The U.S. is preparing to dump coal into the Black Sea for the first time in nearly a century after a massive spill at a coal mine in Pennsylvania.
The U.K. has already declared a moratorium on coal exports and Germany has imposed a moratorium of its own.
The decision on Friday by the United States follows a report by the U.N. agency’s top environmental official that showed the Black Death, a massive coal dusting, had been released at the Marcellus Shale mine in the state of West Virginia.
“The fact that we’re going to dump this material at this location is really unprecedented,” said Mike Loomis, the acting administrator of the U,N.
“It’s a massive waste dump.”
The Marcellos have been a key source of coal for decades, producing more than $2 billion a year in exports, according to a 2015 study by the nonprofit group Oxfam.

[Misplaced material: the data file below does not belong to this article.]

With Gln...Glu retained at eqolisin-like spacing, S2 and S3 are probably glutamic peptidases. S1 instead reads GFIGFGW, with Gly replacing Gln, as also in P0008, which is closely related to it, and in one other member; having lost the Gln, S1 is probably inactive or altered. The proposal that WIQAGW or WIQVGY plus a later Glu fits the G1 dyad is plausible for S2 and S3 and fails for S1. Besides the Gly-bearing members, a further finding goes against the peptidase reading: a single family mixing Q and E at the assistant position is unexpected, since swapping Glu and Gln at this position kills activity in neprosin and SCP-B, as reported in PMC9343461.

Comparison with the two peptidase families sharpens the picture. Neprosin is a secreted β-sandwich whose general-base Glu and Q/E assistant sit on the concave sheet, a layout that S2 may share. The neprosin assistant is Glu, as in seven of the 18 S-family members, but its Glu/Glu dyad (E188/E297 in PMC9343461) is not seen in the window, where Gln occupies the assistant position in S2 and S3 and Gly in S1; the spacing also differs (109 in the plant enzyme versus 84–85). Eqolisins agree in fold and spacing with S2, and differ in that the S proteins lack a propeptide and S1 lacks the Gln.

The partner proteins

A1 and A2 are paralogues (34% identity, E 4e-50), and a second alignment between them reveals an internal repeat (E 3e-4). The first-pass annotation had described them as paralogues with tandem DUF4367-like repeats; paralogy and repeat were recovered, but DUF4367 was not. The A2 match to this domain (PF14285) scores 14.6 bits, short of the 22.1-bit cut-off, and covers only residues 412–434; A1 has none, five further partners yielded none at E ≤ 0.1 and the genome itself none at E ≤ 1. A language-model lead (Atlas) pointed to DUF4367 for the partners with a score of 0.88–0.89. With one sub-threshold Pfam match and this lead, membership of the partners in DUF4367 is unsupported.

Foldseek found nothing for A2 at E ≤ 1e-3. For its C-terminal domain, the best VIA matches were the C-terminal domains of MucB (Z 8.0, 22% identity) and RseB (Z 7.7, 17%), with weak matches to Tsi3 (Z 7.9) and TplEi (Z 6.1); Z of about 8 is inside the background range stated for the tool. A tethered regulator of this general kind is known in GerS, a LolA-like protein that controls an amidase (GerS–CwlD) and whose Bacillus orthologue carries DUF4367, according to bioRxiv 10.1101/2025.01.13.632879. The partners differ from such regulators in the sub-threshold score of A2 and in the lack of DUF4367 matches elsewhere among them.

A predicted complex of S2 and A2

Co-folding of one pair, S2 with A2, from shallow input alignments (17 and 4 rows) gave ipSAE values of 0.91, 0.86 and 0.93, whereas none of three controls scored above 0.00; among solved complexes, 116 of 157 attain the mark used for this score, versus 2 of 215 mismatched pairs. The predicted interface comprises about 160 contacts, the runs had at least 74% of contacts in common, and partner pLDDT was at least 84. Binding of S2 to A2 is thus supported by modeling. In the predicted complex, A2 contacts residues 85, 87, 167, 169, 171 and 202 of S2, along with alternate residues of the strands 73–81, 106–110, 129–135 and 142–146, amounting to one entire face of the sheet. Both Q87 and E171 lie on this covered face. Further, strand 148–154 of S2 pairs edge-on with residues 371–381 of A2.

A year ago, the U-N.
said the Marrow River, the waterway from the Marcolin Creek to the Maritimes, had become dangerously polluted with black carbon, a byproduct of the burning of coal.
That has left some towns in the region without water and power.
The coal-mining company that operates the mine and a local environmental group filed suit in 2014 to block the spill.
The lawsuit claimed the spill was a result of a toxic spill at the mine in an area known as the Blackstone Basin.
The spill, which was reported to the U in 2014, involved two spills that caused an estimated $600 million in damage.
It also said the spill created “significant ecological and economic damage.”
The lawsuit, filed in the U., claims that the spill “is a significant health risk for local residents.”
The mine and environmental group both settled with the U on the amount of money the U paid.
The Marcello’s lawsuit did not.
In a statement released Friday, the company said it was confident that the waste dump would work, but that it was in talks with federal officials to ensure that the dump would meet its obligations.
“We have worked closely with the EPA and our partners, and will continue to do so,” said company spokesman Kevin Soper.
“We have also committed to working with the government to ensure the dump meets the requirements of the Clean Water Act and other environmental laws.”